Legal Loopholes Lead to Human Rights Abuses on Taiwanese Fishing Boats: Report

Legal Loopholes Lead to Human Rights Abuses on Taiwanese Fishing Boats: Report
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An Indonesian magazine has found that many Indonesian workers working on Taiwanese fishing vessels are inexperienced.

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A joint investigation by reporters from Taiwan and Indonesia has revealed new details about widespread abuse faced by Indonesians working in Taiwan’s fishing industry.

Indonesian magazine Tempo and Taiwan-based online publication The Reporter found the number of Indonesians working on Taiwanese fishing vessels is four times higher than the Taiwan Fisheries Agency’s 2015 official number of 9,000.

By cross-referencing records of Indonesians boarding Taiwanese fishing boats at major ports in Indonesia, South Africa and other countries, the Indonesian Ministry of Transport now believes that up to 40,000 Indonesians are working on Taiwanese fishing boats, Tempo reports. However, the Indonesian government does not have official statistics of the worker numbers.

Tracing the reason behind this disparity, Tempo found large numbers of "blank" crew identification documents for sale. Workers wishing to work on Taiwan fishing vessels are required to hold these identification documents, which are processed by brokers and then approved and issued by the harbor master’s office.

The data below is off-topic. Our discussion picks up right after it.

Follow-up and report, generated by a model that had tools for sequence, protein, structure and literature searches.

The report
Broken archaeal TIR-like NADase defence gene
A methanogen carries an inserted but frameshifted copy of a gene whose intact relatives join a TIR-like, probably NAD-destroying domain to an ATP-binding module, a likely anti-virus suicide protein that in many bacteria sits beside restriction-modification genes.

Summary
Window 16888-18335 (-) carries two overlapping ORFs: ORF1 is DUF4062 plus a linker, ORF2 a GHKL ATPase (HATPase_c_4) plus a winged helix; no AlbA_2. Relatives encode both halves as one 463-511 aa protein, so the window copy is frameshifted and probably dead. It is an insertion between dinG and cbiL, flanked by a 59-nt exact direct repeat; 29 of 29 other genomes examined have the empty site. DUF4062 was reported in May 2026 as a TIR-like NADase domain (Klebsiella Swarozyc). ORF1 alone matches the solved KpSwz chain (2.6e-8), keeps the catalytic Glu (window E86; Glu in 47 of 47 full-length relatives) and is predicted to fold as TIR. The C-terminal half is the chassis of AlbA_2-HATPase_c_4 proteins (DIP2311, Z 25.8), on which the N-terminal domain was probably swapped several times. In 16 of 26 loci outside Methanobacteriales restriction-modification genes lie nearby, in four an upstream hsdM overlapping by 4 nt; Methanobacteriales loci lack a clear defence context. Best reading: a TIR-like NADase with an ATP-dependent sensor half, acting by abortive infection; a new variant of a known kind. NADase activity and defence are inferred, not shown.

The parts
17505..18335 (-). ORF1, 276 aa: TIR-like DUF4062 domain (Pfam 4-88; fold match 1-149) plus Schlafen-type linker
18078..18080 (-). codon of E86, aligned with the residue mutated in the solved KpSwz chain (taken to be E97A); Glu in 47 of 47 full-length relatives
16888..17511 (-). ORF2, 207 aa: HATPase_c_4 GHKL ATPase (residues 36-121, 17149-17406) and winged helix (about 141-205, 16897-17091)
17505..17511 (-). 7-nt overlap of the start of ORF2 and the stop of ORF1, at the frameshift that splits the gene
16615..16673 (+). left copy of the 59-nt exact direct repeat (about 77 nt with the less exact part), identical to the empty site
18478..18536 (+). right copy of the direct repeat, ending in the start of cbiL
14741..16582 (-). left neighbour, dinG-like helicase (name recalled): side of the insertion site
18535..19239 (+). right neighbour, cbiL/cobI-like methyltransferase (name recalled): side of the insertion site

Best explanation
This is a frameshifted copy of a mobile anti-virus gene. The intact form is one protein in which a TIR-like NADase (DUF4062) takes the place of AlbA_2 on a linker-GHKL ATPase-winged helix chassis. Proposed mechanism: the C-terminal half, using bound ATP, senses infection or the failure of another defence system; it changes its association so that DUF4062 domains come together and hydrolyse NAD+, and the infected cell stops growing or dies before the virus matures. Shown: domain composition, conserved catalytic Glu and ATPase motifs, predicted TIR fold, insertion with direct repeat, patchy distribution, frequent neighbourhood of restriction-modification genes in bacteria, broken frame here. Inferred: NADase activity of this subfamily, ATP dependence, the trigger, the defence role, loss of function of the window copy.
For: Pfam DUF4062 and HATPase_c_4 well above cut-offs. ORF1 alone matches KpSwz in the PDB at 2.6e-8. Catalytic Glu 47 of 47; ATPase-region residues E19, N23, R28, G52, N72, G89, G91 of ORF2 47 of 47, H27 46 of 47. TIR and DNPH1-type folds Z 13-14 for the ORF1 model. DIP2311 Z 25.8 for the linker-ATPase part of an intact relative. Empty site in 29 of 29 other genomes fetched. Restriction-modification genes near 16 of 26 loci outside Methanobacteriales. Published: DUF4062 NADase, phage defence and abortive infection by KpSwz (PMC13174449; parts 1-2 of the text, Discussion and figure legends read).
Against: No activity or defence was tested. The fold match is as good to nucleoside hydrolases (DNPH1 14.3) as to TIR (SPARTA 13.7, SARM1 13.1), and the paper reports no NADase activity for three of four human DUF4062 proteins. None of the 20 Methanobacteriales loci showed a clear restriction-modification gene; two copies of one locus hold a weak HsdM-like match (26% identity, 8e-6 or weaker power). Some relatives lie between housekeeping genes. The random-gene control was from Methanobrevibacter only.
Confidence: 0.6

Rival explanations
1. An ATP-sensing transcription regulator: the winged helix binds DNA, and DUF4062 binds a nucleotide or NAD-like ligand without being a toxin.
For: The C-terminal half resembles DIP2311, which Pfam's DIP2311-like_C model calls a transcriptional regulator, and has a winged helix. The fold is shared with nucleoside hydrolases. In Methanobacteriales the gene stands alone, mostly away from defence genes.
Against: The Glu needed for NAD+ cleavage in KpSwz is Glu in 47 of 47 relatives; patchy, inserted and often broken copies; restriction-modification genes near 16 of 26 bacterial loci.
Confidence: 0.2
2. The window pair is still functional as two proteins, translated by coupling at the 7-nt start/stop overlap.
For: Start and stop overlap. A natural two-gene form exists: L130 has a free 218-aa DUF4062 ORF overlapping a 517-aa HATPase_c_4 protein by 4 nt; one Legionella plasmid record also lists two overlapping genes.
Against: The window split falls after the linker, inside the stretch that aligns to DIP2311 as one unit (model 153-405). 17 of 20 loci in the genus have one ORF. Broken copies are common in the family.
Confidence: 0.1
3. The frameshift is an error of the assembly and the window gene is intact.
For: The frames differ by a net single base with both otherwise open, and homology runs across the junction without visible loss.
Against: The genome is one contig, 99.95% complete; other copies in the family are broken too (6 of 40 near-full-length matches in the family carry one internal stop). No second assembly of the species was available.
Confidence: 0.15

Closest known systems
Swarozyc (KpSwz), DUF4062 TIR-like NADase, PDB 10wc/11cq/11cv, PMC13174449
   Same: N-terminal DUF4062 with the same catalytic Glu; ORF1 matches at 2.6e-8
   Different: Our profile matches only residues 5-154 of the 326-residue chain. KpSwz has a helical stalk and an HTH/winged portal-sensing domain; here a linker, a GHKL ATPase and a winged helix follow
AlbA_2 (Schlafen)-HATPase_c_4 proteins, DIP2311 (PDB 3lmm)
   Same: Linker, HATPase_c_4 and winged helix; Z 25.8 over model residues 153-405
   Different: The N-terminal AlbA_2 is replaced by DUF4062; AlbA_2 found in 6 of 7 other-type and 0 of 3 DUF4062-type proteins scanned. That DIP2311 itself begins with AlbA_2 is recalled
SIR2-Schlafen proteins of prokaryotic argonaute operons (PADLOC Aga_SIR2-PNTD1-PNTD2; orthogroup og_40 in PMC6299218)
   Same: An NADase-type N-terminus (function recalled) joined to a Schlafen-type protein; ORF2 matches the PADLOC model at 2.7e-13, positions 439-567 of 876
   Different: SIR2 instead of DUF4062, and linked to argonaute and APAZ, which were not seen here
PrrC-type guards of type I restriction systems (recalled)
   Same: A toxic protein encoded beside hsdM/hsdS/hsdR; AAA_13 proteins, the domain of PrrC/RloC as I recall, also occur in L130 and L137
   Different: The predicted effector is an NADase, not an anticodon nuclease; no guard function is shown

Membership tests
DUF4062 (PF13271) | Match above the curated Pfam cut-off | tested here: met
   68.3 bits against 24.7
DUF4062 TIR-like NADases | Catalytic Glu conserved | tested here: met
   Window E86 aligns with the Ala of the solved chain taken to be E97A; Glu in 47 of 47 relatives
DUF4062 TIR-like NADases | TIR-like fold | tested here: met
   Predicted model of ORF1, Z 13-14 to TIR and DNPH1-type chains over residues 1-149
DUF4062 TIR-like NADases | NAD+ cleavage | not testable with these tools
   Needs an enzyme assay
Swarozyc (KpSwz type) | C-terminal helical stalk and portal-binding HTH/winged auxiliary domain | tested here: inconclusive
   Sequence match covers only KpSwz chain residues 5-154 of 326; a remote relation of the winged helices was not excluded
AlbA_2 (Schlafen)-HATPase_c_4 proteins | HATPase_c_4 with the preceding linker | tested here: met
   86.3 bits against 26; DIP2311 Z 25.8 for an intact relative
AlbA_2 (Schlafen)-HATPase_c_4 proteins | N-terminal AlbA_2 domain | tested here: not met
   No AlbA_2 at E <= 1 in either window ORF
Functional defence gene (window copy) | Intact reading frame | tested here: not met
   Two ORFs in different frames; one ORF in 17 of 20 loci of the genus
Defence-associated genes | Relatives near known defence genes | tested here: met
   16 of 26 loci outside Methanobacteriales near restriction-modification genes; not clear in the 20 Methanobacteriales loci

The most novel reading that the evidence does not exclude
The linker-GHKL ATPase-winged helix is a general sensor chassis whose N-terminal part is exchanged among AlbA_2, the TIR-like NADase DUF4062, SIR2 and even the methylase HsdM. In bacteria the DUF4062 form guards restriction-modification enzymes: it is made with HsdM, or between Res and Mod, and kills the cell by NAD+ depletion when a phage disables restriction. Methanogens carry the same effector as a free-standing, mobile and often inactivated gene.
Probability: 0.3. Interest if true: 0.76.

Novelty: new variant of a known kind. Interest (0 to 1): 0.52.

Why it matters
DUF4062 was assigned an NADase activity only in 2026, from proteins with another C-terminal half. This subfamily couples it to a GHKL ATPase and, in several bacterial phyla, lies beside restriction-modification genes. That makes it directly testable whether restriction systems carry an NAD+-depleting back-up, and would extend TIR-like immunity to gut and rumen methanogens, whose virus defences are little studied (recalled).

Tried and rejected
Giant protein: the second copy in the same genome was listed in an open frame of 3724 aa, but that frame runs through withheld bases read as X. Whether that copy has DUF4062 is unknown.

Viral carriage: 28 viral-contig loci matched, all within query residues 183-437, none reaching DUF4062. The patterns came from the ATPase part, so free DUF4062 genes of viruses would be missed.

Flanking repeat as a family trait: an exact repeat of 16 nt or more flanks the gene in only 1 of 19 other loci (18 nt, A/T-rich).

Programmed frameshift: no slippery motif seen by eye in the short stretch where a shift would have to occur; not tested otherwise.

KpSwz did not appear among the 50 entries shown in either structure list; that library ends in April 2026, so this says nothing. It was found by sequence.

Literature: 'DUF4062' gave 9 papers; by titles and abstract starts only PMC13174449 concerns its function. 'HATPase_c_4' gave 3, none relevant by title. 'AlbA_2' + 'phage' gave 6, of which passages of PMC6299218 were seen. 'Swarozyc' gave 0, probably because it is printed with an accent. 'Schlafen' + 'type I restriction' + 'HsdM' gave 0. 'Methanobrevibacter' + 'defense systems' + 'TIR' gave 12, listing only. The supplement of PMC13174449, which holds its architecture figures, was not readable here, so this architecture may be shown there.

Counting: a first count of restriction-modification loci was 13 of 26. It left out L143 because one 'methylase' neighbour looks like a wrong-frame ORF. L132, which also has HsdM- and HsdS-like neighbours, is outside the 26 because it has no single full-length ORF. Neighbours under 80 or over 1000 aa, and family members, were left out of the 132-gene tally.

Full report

However, blank documents obtained by Tempo already had the office’s approval stamp, which gave brokers the ability to falsify the certification for inexperienced workers. Sources also claimed the fake identification documents have been issued directly from the harbor master’s office.

This leads to workers with the identification documents often having no experience on fishing boats; many do not know if they will be working on fishing vessels or cargo ships. In some cases, if workers did not complete their work quickly enough, their employers would abuse them by tying them up and giving them electric shocks them, one worker told Tempo.

Numerous other cases of serious physical abuse, including deaths, are also detailed in the article, which is a follow-up to a feature published by The Reporter in December.

Supriyanto, an Indonesian worker who died on a Taiwanese fishing boat in August 2015, held one of these identification documents, says The Reporter. Investigations into the death of Supriyanto were said to be insufficient, and Taiwan's Control Yuan ordered the case to be reopened in October 2016.

Taiwan's fishing industry has long exploited legal loopholes, such as hiring foreign workers via foreign brokers under the Fisheries Agency’s separate regulations instead of under the Labor Standards Act, which does not guarantee protection for foreign fishery workers.

Greenpeace released a report in 2016, detailing human rights abuses aboard Taiwanese fishing vessels. Foreign workers from the Philippines, Cambodia, and Indonesia told Greenpeace of long working hours and withheld salaries, and how Taiwanese authorities turned a blind eye to these cases when they were reported.

Taiwan has, however, been taking steps to improve the situation. In December 2016, the Act for Distant Water Fisheries was passed. Under the new law, Taiwanese brokers have to submit their contracts with foreign brokers to Taiwanese authorities, and contracts between foreign brokers and the workers need to be submitted as well. The law is expected to give better protection to foreign fishery workers and will come into force on Jan. 20.

Editor: Olivia Yang

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